Horses have always played an important role in the life of Move United Elite Team Member Andie Sue Roth. She was one year old when she was adopted from China. Her mom had been riding all her life, so the family has owned a horse since she was young. “I just love to ride horses. I would get on and go out riding trails,” Roth said.

Andie Sue Roth on her horseWhen Roth was born, she had bones missing in her right foot. She could walk on it, at least a little bit at that time, but the doctors said that as she would get bigger and heavier, the foot wouldn’t be able to hold her anymore and that she would have to be in a wheelchair the rest of my life. “So my parents made the decision to amputate my foot so I could have the potential of walking and staying active,” she said. “I have an amazing prosthetic. It really hasn’t been a disability for me, because this is all I have known.”

At an early age, she got into eventing, an equestrian trial where a single horse and rider compete across three disciplines, including dressage, cross-country, and show jumping. She was able to take her horse, Tam, and went to the novice level.

Andie Sue Roth on her horse“I like the feeling of being free on my horse. I feel like I am unstoppable. Like I can be normal in a way, you know, that I am not held by my disability. Other riders look at me the same, as just another rider.”

Since she was about 7 years old, Roth has honed her competitive skills, including activities like western and obstacle. She’s been competing in other events for about four years now. “I’ve been competing for a long time,” said the 15 year-old high school student. “I have always been a very competitive person. So having the ability to not only do the thing that I love but also compete against other people has just been amazing… I love it.”

Then along came Blue, a 9 year-old off-the-track thoroughbred they bought about a year ago. “Tam is a great little pony, but he is getting older,” Roth said.  “We came across Blue through a trainer.” The previous owner saved him from a kill pen.

With Blue, Roth and the horse really got into dressage. “He is very new to all of this… but we keep going up the levels.” Dressage means training in French. This equestrian activity focuses on control and very specific movements of patterns as if the rider and the horse are doing a dance. “I love to be very connected to a horse. You need to have the ability to connect with a horse and be in harmony with it. In dressage, it is about that partnership. It’s like a secret that you are telling a horse and the horse is so in tune with you that it knows what you want it to do.”

Andie Sue Roth on her horseRoth has been competing in straight dressage for about a year. But the Coronavirus hasn’t had allowed her to do a lot of shows this year. She has been able to participate in three local shows. She also had the opportunity to go to the national championship at the Tryon International Equestrian Center in North Carolina. “I did very well, I got very good scores and placed first in all my categories.” Roth is hoping to participate in the Global Dressage Festival in Wellington, Florida, in January 2021 if the event is able to take place. Her long-term goal is to compete for Team USA at the 2024 Summer Paralympic Games in Paris.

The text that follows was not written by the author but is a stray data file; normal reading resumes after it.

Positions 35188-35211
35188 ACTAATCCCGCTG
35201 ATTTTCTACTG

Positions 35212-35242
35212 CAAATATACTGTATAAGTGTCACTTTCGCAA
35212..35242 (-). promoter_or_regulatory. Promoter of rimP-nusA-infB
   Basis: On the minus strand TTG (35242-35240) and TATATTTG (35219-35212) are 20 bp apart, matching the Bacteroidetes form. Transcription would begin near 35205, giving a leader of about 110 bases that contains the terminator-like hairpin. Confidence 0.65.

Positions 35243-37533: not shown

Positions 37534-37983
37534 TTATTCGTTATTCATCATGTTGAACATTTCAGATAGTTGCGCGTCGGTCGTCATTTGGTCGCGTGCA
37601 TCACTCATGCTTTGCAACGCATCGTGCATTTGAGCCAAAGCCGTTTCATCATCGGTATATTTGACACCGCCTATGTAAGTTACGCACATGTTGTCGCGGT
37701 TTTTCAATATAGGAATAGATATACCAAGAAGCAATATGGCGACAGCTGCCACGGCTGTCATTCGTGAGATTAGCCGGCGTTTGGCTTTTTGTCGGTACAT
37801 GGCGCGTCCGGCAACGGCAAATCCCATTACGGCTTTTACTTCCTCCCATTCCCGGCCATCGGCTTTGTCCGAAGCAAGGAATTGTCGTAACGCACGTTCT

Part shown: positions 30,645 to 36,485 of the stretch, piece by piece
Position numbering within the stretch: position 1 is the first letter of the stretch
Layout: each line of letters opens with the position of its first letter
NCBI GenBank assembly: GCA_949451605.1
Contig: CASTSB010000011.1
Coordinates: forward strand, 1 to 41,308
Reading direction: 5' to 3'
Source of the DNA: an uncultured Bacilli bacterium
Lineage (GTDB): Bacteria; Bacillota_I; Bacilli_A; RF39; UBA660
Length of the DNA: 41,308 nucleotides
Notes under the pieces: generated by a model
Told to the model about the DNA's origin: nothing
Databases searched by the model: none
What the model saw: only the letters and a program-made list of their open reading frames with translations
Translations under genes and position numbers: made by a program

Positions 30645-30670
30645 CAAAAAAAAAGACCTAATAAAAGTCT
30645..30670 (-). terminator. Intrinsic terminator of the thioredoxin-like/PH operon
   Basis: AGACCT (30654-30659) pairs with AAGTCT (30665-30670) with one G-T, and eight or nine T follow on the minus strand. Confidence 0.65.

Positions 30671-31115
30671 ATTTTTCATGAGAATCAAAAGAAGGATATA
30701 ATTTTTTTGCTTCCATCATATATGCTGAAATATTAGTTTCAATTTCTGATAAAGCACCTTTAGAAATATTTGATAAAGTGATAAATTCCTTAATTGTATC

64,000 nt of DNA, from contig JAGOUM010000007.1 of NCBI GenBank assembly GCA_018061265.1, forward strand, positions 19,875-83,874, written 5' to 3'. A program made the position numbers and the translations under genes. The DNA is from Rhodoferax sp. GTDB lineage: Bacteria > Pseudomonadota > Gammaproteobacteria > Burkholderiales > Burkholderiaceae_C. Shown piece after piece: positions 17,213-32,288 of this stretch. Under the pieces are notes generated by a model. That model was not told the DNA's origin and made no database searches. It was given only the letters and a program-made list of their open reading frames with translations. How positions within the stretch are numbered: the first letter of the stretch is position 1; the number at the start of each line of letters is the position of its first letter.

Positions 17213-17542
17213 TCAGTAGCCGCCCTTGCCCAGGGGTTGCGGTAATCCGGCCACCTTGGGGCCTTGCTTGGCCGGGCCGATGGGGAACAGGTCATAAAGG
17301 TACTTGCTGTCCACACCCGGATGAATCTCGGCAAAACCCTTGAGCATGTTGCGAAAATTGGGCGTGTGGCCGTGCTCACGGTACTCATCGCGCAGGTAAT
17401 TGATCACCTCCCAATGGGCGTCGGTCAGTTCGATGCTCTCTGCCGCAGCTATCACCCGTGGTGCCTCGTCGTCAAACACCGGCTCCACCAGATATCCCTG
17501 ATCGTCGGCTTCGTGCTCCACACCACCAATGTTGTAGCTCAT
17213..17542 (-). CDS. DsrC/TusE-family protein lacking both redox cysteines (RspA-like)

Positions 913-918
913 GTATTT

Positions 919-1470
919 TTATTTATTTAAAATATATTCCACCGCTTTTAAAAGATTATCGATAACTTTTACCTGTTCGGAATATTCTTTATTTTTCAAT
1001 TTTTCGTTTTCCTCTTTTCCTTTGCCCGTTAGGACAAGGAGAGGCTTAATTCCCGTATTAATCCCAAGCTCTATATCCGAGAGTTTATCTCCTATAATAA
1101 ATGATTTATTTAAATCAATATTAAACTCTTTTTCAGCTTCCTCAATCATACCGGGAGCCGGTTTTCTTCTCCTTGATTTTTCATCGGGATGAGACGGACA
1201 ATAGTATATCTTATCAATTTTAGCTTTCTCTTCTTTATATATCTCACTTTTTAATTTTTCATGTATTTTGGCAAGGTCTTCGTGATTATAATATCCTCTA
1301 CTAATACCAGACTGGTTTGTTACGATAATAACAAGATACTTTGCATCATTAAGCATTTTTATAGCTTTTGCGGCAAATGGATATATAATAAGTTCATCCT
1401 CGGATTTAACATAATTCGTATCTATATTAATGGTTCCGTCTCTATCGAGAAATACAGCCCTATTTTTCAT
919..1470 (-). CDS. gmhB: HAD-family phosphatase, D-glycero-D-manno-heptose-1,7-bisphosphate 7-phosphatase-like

As part of Move United’s Elite Team, Roth received an equipment grant that allowed her to purchase a new saddle.  “With our new saddle, he (Blue) has been able to move freely and be able to easily do all the movements that I need him to do,” Roth said. “The saddle has been a life changer for me. It is fitted for my horse and it fits me well, so I can ride in a good position and not be unbalanced. You don’t want a saddle that blocks your connection to the horse.”

Leading up to the 2020 Election, Roth had the unique opportunity to participate in a nonpartisan voting campaign, encouraging everyone to do their civic duty and vote. She was one of several riders as part of a Ride to the Polls public service announcement. “I loved being in that commercial. Being able to go run on the beach with my horse was a dream come true.”

She is also active in the United States Pony Club, a national organization started in 1954 to teach riding and the proper care of horses. “I’ve been in Pony Club since the age of 5; it has given me the ability to have other trainers see me and get to train with other trainers. It has given me a lot of horse knowledge.”

Although her main focus now is dressage, she still jumps once a week so her horse can work on out his muscles. She also rides another horse named Sunny about two times a week. “She has taught me so much, particularly how to train my thoroughbred better. To be able to feel that movement with a horse that knows how to do it and then bring that over to my own horse has really helped.”

“I’m the kind of person that jumps on anyone’s horse and is willing to ride any horse. Horses look like these strong animals, and they are big and strong, but they are tender hearted and they can feel your emotions. It takes a lot to be around horses and to get on a horse, she said.”

“When you are on a horse, just breathe. We are all so stressed and just need to relax and enjoy the ride. Your horse will be your best friend. It will be there for you. It trusts you. Horses have taught me so much, not only about riding but life lessons as well.”

Besides her equestrian pursuits, Roth is like many teenagers. She likes to try new things and enjoys adventure and seeing new places. “I love nature. I love to go fishing and target shooting. I also enjoy playing wheelchair basketball.”

Note: Photos by Ashton Kingsley and Lindsay McCall.